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Gun Safe Recc's

Discussion in 'Shooting Related Threads' started by BIGbill, Apr 22, 2009.

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  1. BIGbill

    BIGbill TS Member

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    Gun Safe Recc

    I need a gun safe. I have 20k worth of guns, and some papers that I would like to keep safe from a house fire. What do you experts think I should get. I am willing to spend 5k to purchase/ship/install.

    In future I will probably have maximum 100k in cash/valuables/etc inside.

    Should I spend more?

    Can I get protection from the 5k?

    If so, what brand, weight, fire board, etc

    Thanks in advance
    Bill
     
  2. gramulin

    gramulin TS Member

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    Take a look at these http://www.amsecusa.com/gun-safes-HS-main.htm Pat
     
  3. Remstar311

    Remstar311 Member

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    You might consider sectioning off a piece of your house and making it a gun room. I don't know what a vault door would cost, but three layers of sheet rock on the walls should keep anything from burning up.
     
  4. Unsingle

    Unsingle Member

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    As Pat said above, you might look at American Security safes. You can buy a nice gun safe from them for $5,000. If I was going to have $100,000 in cash and valuables, I would look at a true heavy duty safe.
     
  5. B682GX

    B682GX TS Member

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    I've had The Presidential Model (#40) Liberty Safe & have been very satisfied with its capacity & sturdiness.
    See the link above.
     
  6. ONE EYE

    ONE EYE TS Member

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    Take it from a Locksmith. With that kind of value you need to invest in a BROWN safe. They are the BEST....just remember the RULE!!! Ask yourself how long did it take to build this inventory and how much longer do you plan to live. Bigger is better and always cheaper now.....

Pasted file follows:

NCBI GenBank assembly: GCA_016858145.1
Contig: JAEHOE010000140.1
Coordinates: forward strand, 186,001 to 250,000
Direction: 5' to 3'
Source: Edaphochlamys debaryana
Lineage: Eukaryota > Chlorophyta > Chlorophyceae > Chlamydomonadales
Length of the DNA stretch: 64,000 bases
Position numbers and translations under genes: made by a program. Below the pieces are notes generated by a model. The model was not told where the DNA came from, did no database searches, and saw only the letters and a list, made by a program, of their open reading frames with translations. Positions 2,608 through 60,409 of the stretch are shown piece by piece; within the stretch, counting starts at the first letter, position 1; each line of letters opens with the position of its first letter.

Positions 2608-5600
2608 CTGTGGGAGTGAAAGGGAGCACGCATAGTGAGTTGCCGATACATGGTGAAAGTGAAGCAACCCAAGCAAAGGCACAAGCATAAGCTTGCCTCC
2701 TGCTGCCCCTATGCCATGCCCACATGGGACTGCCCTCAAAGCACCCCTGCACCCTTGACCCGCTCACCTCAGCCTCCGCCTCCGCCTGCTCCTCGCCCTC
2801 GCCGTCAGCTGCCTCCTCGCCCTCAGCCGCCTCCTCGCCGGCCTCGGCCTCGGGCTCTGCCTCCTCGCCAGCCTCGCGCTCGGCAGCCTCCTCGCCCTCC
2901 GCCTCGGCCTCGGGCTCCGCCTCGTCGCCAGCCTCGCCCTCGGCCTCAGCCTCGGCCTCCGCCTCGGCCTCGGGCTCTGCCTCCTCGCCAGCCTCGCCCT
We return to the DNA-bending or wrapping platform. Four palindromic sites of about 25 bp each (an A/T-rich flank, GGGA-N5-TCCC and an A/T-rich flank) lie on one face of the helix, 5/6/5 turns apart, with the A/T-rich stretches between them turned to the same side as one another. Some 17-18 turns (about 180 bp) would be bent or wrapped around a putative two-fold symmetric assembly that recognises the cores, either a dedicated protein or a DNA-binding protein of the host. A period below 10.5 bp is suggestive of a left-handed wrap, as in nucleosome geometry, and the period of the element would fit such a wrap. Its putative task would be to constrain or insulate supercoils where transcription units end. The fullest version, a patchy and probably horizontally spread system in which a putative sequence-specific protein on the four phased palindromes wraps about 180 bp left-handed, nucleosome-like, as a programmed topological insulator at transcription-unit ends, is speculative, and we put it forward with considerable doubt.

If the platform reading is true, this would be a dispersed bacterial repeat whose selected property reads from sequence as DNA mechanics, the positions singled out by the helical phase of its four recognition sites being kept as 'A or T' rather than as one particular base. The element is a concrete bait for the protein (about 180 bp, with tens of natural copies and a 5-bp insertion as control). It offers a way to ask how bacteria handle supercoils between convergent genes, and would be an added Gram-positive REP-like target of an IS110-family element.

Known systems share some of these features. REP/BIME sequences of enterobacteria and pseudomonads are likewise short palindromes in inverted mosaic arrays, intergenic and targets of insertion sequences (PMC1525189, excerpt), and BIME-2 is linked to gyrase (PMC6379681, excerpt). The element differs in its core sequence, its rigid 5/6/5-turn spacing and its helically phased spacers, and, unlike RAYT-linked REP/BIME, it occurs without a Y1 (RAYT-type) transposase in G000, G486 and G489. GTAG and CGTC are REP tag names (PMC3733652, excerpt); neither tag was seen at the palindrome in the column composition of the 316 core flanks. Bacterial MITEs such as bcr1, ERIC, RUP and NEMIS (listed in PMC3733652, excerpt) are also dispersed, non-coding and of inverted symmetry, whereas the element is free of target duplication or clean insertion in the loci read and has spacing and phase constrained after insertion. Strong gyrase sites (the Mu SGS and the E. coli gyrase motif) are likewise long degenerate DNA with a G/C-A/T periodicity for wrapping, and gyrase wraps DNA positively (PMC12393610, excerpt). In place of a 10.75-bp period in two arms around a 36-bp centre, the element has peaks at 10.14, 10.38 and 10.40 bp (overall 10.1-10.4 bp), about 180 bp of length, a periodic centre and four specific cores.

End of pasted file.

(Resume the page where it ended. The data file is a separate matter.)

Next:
7. twoatlow8

    twoatlow8 Member

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    You need to consider the weight of the safe and where you are going to put it.
    It may be better to buy two smaller safes than one large one. A good fire proof 30 gun safe will weigh 1200 lbs
    Scott
     
  8. Recoil Sissy

    Recoil Sissy Well-Known Member

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    BIGbill:

    Two things...

    1. When I was looking at gun safes, a dealer shared the following advice:

    "You have a mental list of things you want to secure in a safe - guns, cash, jewelry, etc. After you buy a safe, that list will grow as you will think of additional stuff. Whatever size safe you THINK you need, go bigger."

    The dealer was right. Your list of things WILL in fact, expand. For example, I didn't think of important documents, non-replaceable photos, and family keepsakes with great sentimental but no economic value.

    2. There's no such thing as a 'fireproof' safe. Some are fire resistant. Compare fire ratings of the various brands and buy one that provides quality protection from heat/fire as well as theft.

    sissy
     
  9. JerryP

    JerryP Active Member

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    Fort Knox safes are the best but they aren't cheap. The top Browning safes are also nice. There is a huge difference in the locking mechanisms of safes. Stay away from the low end models, $5K should get a good one. Make sure you get 3/16" sidewalls, many are 10ga.
     
  10. Michael Gregory

    Michael Gregory Member

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    Location:
    G-SQUARED IS NOW LOCATED IN POST FALLS IDAHO!
    I've had an Amsec for years and am very happy with it. The Walls are made of solid concrete with "proprietary" steel chunks in it to glance off a drill bit. Total weight is over 4500 lbs empty, and I was told that it had a fire rating sufficient for LLoyds of London. Also, check out Brown Safe in San Marcos California (www.brownsafe.com). The owner is Fred Brown, a long time shooter here in the San Diego area, and the safes they make are top shelf! Last thought - seriously- Don't forget to bolt your safe down to the floor, especially if you are in an earthquake area. A mechanical engineer that I know explained to me that in an earthquake, even a 5000 lb object can roll around right thru walls like it was on ball bearings! Just food for thought.
     
  11. ccw1911

    ccw1911 Member